When it was suggested in this space a week ago that the Orioles would eventually have to think about possible
trades for either Kevin Gausman or Dylan Bundy
, it wasn't exactly a shock that the idea was met with a chorus of boos both here and in some segments of social media.
After all, the Orioles have been looking for starting pitchers for at least a decade, so why look to trade one of the two youngest, and best, on the staff?
Maybe because history tells us so. The best reasoning can be found by answering the following questions:
What is the Orioles' record?
What has been the team's strength -- if indeed there can be such a thing?
Without filling in all the blanks, as this is written, the O's have the worst winning percentage in MLB, with only the Kansas City Royals a serious challenger. That should suffice as answer to the first question.
And, as incredible as it might seem for a team with the worst record in MLB, the strongest and deepest part of the roster has been the starting rotation.
Granted, trading either Gausman or Bundy might give a whole new meaning to the term "dealing from strength," but it does present the best opportunity to land a blue-chip prospect who could be a cornerstone for the future. In other words, somebody who could approximate what Adam Jones has done the last 10 years.
Shopping Manny Machado and Zach Britton as short-term rentals has not been, and isn't likely to be, enough to attract such a prospect. Reportedly, the Chicago Cubs would be willing to send shortstop Addison Russell to the Orioles in exchange for Machado, which on the surface would appear to be a reasonable exchange of young players. But the Orioles aren't looking for a shortstop with three years of team control before free agency.
They need somebody's best prospect, a top 25 player in the minor leagues, who can be a major part of a major rebuild -- again, somebody who can do what Jones has done, become a face of the franchise.
In order for the Orioles to acquire Jones from the Seattle Mariners in 2008, they had to give up their best pitcher from a less than stellar staff, 28-year old Erik Bedard. In return, the O's got Chris Tillman, George Sherrill, a relief pitcher who later made the All-Star team, and Kam Mickolio, who became part of a deal for Mark Reynolds.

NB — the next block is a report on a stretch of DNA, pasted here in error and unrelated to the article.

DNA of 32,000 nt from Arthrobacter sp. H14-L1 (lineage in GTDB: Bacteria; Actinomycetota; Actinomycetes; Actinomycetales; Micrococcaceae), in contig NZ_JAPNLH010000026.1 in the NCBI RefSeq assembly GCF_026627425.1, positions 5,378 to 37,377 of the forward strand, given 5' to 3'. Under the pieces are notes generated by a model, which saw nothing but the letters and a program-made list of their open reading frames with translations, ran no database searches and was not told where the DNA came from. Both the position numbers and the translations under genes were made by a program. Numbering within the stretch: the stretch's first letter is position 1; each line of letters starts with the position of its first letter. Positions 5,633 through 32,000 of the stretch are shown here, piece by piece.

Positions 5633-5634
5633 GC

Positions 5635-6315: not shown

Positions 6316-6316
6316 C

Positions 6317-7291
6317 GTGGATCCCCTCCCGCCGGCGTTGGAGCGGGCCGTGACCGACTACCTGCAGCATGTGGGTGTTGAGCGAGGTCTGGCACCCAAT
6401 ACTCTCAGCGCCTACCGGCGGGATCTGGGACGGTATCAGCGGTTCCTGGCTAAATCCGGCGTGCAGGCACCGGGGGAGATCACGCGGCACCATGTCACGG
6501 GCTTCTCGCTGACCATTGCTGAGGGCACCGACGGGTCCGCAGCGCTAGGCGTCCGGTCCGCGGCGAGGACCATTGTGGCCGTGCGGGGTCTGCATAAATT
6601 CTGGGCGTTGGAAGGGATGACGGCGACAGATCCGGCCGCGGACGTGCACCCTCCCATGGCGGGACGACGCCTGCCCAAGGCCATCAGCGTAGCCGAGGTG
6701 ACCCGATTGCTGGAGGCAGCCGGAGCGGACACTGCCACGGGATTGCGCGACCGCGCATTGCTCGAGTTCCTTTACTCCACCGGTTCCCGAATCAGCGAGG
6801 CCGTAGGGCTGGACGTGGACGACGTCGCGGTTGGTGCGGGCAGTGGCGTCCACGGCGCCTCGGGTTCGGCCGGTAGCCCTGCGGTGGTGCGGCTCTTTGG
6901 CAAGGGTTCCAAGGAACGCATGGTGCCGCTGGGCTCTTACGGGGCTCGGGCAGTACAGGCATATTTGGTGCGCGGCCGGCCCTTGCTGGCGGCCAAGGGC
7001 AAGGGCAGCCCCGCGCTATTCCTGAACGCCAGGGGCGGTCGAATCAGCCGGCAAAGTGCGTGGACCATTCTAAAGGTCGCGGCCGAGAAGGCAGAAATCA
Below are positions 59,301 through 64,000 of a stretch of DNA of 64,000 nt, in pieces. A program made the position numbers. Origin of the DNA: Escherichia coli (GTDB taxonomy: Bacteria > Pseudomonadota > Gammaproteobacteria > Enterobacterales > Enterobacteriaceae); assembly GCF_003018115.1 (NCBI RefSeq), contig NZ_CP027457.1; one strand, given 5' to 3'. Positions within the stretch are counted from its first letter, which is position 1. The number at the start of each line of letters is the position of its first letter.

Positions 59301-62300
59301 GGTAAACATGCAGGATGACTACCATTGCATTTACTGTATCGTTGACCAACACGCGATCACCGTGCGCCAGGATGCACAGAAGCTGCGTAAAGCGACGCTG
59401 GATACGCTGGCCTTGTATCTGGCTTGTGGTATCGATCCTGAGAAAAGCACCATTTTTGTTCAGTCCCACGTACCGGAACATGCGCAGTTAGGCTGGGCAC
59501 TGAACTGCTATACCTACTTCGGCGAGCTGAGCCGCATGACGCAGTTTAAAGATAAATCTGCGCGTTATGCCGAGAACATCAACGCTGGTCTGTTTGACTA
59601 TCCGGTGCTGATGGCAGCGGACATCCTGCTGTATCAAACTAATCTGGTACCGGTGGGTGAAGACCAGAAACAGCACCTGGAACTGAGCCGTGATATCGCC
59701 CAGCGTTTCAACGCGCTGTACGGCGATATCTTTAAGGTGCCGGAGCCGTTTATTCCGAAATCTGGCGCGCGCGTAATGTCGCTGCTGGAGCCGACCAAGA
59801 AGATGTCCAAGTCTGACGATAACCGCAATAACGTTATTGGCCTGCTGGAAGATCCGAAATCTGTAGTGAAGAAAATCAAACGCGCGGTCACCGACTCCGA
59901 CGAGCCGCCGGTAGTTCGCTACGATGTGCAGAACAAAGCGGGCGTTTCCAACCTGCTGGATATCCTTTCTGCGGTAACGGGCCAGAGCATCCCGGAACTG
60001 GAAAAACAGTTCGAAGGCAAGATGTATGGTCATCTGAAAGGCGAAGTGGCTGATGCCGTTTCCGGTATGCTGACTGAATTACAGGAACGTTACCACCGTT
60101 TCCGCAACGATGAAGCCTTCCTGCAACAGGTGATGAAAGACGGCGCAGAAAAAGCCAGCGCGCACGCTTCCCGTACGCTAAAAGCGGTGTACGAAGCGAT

It should be noted that the Orioles do not have a pitcher with the track record Bedard had when the Mariners thought he was their needed missing piece. He had gone 28-16 over a two year span (15-11 with a 3.76 ERA in 2006; 13-5, 3.67 in 2007). He also set a single-season strikeout record (221 in 2007) for a team than includes more than a few quality pitchers among its alumni.
There are many who will tell you today that the Bedard trade was a no-brainer, just like there are those who erroneously say the Milt Pappas-Frank Robinson deal was one the Orioles didn't think twice about (in his book "Winning in Both Leagues" Frank Cashen revealed that manager Hank Bauer was against trading his ace right-hander).
"I was in the room when the [Bedard] discussion took place" said a former Orioles' executive who is still in the game and remains anonymous for obvious reasons, "and I can tell you it was not a unanimous decision to make that trade. There were some very much against it, and Andy MacPhail was the only reason it was made."
(For the record, the source of that quote is not a person on the current staff in Philadelphia or one who was part of the "inner circle" who came to the O's with MacPhail).
MacPhail ultimately doubled down on his plan to rebuild the Orioles, deciding to trade his best pitcher and most marketable and productive player (Miguel Tejada) in what would be a major rebuild. The circumstances are different, but the similarities to the current situation are unmistakable. Machado would figure to command more than Tejada, but as was the case a decade ago, a starting pitcher is likely to bring a better return.
In today's game, a player's team control is of equal value, or more, as his talent. And for some mysterious reason, even though they are not expected, let alone asked to go more than six innings, starting pitchers seem to command the market.
I can't explain it, because frankly I don't understand it, but analytics seem to have made starting pitching over-valued, which gets us back to the debate over which way the Orioles should go in the Gausman-Bundy saga.
So here we are, 10 years later, with Adam Jones perhaps headed out of town in pursuit of a ring and the Orioles trying to find somebody just like him to help them negotiate the bumps along the way of that same road. If the O's find that guy, Jones could give him some good advice.
Jim Henneman can be reached at JimH@pressboxonline.com
Photo Credit: Kenya Allen/PressBox